So much for those earnings that GE CEO Jeffrey Immelt had said were “in the bag” just a few weeks ago — in a stunning reversal that caught investors and analysts alike by surprise, General Electric Co. (GE) reported Friday its first decline in quarterly earnings since 2003 and cut its earnings forecast amid historic troubles in the capital and mortgage markets. The company reported a 6 percent drop in first-quarter net profit, with earnings falling to $4.3 billion, or $.43/share. Revenues were at $42.2 billion, up 8 percent. “We knew the first quarter was going to be challenging, but the extraordinary disruption in the capital markets in March affected our ability to complete asset sales and resulted in higher mark-to-market losses and impairments,” Immelt said. “Our inability to complete these asset sales and higher mark-to-market losses and impairments impacted earnings by $.05 per share versus plan.” GE Money saw quarterly earnings drop 19 percent on a yearly comparison basis to $995 million, while commercial finance took a 20 percent hit, falling to $1.16 billion. As a result, Immelt revised the company’s outlook for 2008, saying that the company now expects to report earnings per share of $2.20 to $2.30 per share and that financial services earnings will decline 5 to 10 percent on the year. Investors and analysts wanted answers for one of the biggest earnings misses by GE in recent memory, according to a report at Bloomberg:
On a conference call today, analysts demanded that Immelt explain why he told retail investors on a March 13 Webcast that Fairfield, Connecticut-based GE would likely meet its annual forecast of at least $2.42 a share. “Two days after the Webcast, the Bear Stearns situation took place,” Immelt said. “The last two weeks in March were a different world in financial services.”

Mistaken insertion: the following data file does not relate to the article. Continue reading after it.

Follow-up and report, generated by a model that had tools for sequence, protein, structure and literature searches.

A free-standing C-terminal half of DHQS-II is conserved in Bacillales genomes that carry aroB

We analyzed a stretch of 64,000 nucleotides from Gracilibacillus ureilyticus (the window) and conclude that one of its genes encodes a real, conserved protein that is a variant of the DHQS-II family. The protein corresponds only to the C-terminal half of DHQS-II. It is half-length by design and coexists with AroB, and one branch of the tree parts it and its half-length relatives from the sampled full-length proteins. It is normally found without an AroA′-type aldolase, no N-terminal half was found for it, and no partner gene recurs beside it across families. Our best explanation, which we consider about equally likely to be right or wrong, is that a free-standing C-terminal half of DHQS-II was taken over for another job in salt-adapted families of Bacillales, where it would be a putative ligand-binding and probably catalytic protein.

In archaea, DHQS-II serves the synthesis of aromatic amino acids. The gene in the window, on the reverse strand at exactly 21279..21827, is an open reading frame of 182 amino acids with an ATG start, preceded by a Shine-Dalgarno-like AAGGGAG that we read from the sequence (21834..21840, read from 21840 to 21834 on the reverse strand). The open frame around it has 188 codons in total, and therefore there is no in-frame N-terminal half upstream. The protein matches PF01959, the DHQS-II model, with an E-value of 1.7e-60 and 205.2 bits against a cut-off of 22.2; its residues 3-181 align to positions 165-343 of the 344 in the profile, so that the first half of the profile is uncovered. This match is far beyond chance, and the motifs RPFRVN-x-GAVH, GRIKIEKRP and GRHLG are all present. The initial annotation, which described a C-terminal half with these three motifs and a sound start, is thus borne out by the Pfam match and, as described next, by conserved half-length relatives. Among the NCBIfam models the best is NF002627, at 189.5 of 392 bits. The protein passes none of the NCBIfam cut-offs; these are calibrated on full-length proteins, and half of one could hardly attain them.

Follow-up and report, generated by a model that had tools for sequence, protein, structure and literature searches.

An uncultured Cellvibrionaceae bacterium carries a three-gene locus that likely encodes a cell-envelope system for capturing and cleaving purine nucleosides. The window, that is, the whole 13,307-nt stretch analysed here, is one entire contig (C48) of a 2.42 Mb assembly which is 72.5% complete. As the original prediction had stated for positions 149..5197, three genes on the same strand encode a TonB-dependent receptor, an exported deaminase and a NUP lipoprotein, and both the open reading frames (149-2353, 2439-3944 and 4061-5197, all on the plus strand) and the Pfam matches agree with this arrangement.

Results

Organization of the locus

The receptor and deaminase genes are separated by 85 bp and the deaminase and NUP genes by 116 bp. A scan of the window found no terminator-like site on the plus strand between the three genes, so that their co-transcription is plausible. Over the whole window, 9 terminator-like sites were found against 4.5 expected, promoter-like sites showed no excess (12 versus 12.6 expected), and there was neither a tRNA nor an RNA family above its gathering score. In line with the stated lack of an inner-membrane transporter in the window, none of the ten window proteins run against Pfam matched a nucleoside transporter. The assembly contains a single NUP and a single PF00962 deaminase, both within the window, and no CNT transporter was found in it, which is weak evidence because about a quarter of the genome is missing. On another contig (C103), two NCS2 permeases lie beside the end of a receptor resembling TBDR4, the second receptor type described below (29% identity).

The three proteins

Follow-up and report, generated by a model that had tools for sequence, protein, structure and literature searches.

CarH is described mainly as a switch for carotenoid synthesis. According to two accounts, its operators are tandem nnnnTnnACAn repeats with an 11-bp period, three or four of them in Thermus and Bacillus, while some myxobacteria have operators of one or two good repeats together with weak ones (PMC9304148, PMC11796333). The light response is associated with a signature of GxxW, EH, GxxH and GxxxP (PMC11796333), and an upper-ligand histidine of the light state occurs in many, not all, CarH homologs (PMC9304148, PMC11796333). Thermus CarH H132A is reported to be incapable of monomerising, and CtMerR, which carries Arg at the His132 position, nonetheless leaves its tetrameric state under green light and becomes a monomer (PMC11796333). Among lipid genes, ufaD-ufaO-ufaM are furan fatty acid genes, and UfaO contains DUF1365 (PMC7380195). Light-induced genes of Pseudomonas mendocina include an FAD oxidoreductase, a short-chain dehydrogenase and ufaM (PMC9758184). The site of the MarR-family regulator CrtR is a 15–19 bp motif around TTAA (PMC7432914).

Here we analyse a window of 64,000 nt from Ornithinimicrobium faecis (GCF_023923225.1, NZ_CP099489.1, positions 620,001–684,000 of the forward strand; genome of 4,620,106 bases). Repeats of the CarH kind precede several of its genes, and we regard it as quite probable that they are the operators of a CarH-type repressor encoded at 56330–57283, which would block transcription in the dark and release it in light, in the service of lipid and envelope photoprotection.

Goldman Sachs immediately moved shares of the conglomerate to a “neutral” rating on the news, saying that the earnings miss raised “credibility concerns,” according to a separate report at Bloomberg. Sources that spoke with Housing Wire wondered aloud if the miss was a sign of things to come this earnings season. “We’ve got a few senior execs on record saying we’re nearly out of this mess,” said one source, a bond trader who asked not to be named. “If the market conditions can drive a ‘surprise’ 5 cent per share hit at somewhere like GE, what are we looking at for the investment banks?” Morgan Stanley CEO John Mack told reporters this week that he believed the credit crunch was nearly over, although he didn’t comment on earnings expectations for the Wall Street firm. “We are seeing the collateral damage to the economy,” Bill Strazzullo, chief market strategist at financial advisory firm Bell Curve Trading, said in an interview with Bloomberg Television on Friday. “We saw this with retail sales, consumer confidence, now we are seeing this with the General Electric earnings. When you look at this from the vantage point on the effect of the broader economy, things are getting worse.” Disclosure: The author owned no positions in any publicly-traded firm mentioned in this story when it was originally published. HW reporters and writers follow a strict disclosure policy, the first in the mortgage trade.